My husband managed to melt the display panel and the bottom half of the oven controls while making dinner Sunday. Let it be a warning to you all not to let a very hot small enameled cast-iron French oven get wedged against the apparently too low control panel on the back of your stove while making your kasha-stuffed twice baked potatoes. After panicking, we called around and found someone who came out in just a couple days and replace the part (after several calls to people who said they could install it in 2-3 weeks or who nearly wanted as much to come out as they wanted to--possibly--repair it). Support small businesses! I'm just glad it was early enough that we avoided being stuck in the queue with people who figured out 2 days before Thanksgiving that their oven doesn't work.

To celebrate my return to the working oven world, I thought I'd make a quick, yet holiday-worthy cake. As the years go by the more I realize that while I like eating cake with lovely swirls of icing, I don't really enjoy making them. There are only two people in our family and making a whole regular sized cake (unless we happen to be entertaining or invited somewhere) seems a bit wasteful. Plus every time I make a frosted cake, I realize all over again just how time-consuming they are. The waiting and cooling time always seems interminable.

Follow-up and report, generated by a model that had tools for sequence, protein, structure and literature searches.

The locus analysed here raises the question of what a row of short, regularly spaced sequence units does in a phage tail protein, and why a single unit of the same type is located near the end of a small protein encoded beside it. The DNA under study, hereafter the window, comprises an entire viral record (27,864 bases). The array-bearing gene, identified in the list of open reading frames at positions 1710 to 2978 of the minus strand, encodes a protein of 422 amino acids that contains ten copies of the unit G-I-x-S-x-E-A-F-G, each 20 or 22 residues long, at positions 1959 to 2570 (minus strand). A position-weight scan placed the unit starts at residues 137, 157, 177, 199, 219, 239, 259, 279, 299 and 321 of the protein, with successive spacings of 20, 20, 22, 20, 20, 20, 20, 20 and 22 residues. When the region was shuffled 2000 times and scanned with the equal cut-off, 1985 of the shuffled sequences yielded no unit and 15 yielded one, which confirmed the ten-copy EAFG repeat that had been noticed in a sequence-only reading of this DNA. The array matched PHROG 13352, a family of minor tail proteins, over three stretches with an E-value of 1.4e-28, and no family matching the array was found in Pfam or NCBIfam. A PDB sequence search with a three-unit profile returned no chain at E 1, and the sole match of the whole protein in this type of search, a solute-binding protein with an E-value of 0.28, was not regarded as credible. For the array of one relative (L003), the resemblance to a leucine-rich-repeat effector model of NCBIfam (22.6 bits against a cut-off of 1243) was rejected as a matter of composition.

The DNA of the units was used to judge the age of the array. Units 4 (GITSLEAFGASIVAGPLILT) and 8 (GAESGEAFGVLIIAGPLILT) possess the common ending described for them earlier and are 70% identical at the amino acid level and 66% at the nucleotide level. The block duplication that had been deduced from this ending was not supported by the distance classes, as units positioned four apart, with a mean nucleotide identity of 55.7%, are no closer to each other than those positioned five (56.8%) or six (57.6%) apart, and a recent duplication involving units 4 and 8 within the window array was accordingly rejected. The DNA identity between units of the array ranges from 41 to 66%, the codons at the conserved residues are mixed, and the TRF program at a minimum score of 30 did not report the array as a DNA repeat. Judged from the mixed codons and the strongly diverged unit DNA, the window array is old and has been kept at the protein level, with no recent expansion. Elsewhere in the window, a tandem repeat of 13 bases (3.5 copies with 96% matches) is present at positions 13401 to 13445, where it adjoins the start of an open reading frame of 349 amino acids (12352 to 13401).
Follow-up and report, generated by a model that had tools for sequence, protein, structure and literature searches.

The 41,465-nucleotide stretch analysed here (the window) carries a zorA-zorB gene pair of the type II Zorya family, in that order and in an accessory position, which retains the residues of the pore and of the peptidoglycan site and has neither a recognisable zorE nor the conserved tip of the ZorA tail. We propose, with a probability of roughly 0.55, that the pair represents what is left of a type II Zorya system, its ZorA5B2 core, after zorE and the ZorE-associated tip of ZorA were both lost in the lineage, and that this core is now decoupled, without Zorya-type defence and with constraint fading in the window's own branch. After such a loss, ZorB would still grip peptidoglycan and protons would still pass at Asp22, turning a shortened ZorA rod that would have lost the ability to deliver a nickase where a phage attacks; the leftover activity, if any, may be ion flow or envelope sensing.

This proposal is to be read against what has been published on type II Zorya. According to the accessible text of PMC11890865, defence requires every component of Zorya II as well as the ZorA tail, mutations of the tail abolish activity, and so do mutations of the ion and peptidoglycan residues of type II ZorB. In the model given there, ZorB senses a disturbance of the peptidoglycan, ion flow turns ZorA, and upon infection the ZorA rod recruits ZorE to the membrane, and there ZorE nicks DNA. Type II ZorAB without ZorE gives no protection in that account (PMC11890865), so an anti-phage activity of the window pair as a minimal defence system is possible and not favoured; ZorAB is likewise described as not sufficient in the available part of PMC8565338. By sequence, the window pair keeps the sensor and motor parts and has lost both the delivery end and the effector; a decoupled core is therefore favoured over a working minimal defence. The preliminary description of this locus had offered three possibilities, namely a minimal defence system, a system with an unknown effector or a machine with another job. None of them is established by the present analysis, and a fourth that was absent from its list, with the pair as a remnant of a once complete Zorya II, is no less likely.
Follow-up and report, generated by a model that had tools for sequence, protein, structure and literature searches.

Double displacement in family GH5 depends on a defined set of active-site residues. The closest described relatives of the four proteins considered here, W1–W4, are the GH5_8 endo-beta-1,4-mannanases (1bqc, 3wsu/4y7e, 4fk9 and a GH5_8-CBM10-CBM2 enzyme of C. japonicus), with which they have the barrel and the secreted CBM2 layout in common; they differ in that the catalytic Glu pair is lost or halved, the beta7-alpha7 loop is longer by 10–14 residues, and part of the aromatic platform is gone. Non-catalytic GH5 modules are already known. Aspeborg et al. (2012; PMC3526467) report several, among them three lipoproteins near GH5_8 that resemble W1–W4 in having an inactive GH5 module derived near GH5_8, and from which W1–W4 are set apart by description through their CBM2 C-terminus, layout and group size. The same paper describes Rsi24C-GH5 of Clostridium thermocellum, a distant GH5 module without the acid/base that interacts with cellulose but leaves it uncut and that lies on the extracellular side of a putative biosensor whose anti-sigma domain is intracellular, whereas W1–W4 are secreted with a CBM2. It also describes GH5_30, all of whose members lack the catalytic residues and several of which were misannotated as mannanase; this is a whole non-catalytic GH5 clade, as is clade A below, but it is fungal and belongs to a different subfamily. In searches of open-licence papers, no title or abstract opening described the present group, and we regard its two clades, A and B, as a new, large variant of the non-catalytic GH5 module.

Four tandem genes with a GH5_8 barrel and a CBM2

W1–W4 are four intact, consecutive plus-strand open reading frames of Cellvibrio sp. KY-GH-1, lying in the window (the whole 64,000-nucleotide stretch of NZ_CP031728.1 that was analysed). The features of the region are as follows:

No such problems with an upside-down cake! No need to ice, it mixes together in about 15 minutes and bakes for less than 45. Sure you have to wait for it cool but it naturally looks very pretty with the fruit on top and once it's done, it's done. It's a little nerve-wracking when you are tipping it out of the pan but if you buttered your pan well, it should come out easily. An added bonus is that it only serves about 8 so it is perfect for smaller families while still having enough to share or have a slice leftover for breakfast the next day.

At the last minute, I decided to make this a cranberry pumpkin cake. I was just going to go with a simple ginger cake base but pumpkin desserts are so popular at Thanksgiving, it's always nice to have one that isn't pumpkin pie (yuck) and doesn't use pumpkin pie spice. You get plenty of ginger flavor thanks to using both ground and fresh ginger and the allspice adds that autumnal flavor a November cake needs.